How does working with James Gunn compare to playing with Marilyn Manson?

They’re very different people but also both are highly intelligent. I’ve always known that James was brilliant and would go on to make a significant movie in Hollywood. I think what each of them do is bring out the best in me as an artist. That’s what I’m seeking mostly with my collaborators. With Manson I have a great deal of creative freedom. With James, because we develop ideas for the script as opposed to a literal picture, initially the language of the movie as far as Guardians is concerned is really a conversation between us, as opposed to referencing something that already exists.

Have you spoken to Marilyn Manson about appearing in Guardians…?

(Laughs) I don’t think that James or Disney would be 100% comfortable with it. I’m sure Manson would love to be the villain in a Marvel movie. He told me he’s very interested in doing more acting.

Is it easier scoring a sequel because the music is already established or harder because it has to sound fresh?

I think it’s more difficult. Going into it I thought: “We got through that first one, that was tough!” Working with James is tough, his standards are very high because he needs to make the best possible movie he can. He’s making movies that are performing historically high at the box office, so the expectation for a second film is even greater. It’s about raising the bar and seeing what we can do to deliver a greater story, deeper emotion, more fun and more entertainment value to the audience. Obviously you have to take a look at what has been established and feel good that the basic language of this world is created, but we’re going to have to expand upon it and delve into new territory. Hopefully if we do another one together we’ll come up with some surprises for ourselves and the fans.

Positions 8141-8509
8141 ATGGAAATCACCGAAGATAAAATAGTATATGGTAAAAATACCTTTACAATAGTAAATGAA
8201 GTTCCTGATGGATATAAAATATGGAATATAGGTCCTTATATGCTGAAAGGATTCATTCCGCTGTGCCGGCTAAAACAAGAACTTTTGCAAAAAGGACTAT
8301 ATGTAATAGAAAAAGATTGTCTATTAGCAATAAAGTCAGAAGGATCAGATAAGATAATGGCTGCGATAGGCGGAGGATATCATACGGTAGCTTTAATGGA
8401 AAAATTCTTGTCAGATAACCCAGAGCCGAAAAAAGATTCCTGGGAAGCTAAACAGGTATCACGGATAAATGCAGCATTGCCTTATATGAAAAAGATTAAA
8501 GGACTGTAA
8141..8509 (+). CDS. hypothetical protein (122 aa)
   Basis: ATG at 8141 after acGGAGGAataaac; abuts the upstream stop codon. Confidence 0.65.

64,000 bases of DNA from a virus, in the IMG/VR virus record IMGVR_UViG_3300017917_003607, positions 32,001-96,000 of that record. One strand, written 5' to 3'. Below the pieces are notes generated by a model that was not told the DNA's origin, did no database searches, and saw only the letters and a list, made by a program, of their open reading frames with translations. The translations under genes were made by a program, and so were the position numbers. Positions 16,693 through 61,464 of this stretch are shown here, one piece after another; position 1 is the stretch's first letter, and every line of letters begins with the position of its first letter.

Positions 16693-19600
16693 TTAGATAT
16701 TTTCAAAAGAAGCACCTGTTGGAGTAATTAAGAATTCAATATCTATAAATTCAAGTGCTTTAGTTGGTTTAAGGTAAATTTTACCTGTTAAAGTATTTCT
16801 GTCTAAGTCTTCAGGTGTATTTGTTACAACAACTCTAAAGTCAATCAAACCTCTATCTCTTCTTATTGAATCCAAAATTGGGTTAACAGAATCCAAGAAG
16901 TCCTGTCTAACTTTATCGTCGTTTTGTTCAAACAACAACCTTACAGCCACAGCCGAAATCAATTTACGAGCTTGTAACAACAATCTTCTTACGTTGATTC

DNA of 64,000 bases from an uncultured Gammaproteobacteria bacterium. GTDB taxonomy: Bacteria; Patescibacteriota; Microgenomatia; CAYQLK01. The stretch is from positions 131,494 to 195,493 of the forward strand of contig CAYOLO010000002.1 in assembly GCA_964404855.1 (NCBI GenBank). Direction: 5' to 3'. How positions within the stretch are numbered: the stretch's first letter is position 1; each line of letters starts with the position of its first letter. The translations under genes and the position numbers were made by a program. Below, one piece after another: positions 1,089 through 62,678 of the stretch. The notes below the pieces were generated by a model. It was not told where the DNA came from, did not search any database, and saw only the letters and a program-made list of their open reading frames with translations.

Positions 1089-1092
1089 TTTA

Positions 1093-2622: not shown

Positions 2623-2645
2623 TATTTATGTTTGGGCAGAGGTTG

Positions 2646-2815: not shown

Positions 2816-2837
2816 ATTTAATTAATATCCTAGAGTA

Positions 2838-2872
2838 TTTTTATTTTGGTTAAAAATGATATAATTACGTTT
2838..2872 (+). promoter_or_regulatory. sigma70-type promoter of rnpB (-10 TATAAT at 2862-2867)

Is there a character you especially enjoy writing music for, from Guardians or other films?

Regarding GOTG, Peter Quill is a character I identify with a lot. Not because I think I’m like him but he relates to emotions in his life through the music his mother passed onto him. I share a very similar history with my mother, who died when I was young. Her passion for music definitely inspired me and thankfully she really opened my mind to many different styles and genres. Long before I knew it, she was probably preparing me for life as a collaborator and producer.

Speaking of collaborations I notice on your CV that you’ve worked with William Friedkin (director of The Exorcist, among others). What was it like scoring Killer Joe?